As an entrepreneur, you are responsible for defining a solution to the customer’s problem once you accurately understand their pain. Asking customers to come up with the solution will bring you unimaginative or iterative solutions to the pain, like having a hotel ask what they could do for you to improve your stay and you saying, “a more comfortable bed.”
You will be able to determine if they are willing to pay for the solution or if they would be willing to be beta customers. In the end, you will develop a product that fits the customer’s need perfectly. Customers will say, “Wow, they really nailed it!”
Phase 3: Nail the Go-to-Market Strategy
At the time of their IPO in 1987, Cisco was already worth several hundred million dollars but had no professional sales staff, no standard marketing campaign and didn’t purchase advertising. But they nailed both their product and their go-to-market strategy. Early on, they turned their customers into partners, even to the point of allowing them to modify the router source code.
This phase is actually run at the same time as Phase 2, Nail the Solution. In this phase, you understand the customer buying process. How do they find out about new products? What does the market infrastructure look like? (The groups that sit between you and your target customer.) This includes partners, influencers, advertising, marketing and social media. These important stakeholders are important and influence your customer to make a purchase decision. Most likely, you won’t be creating a new market, so you will identify the key players and find ways to influence and monitor them. Startups differ in the way they leverage the infrastructure than a big company, so just mapping the landscape won’t be the whole answer.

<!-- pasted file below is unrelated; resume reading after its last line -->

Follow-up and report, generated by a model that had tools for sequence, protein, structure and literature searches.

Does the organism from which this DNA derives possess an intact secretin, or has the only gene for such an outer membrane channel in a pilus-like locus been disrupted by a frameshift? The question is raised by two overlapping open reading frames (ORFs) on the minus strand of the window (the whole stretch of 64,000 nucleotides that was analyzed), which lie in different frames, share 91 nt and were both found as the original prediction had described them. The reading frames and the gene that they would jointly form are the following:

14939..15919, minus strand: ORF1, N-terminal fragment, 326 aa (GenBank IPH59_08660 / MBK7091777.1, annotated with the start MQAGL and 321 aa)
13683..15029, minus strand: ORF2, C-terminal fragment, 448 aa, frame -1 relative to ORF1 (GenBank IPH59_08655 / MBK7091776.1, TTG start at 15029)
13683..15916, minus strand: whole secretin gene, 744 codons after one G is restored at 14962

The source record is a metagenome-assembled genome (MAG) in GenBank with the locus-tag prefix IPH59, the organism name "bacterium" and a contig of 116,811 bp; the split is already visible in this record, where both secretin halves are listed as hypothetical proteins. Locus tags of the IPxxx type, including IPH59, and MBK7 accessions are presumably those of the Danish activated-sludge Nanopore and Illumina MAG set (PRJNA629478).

During this phase you will also build customer relationships that will lead to pilot and reference customers – people who will be the beta sites for your product. Maybe you think that in the era of free-ware, charging customers to be pilot customers is out of line, but if your pilot customers aren’t willing to pay, it’s a good indication that you haven’t solved their pain (or solved a big enough pain).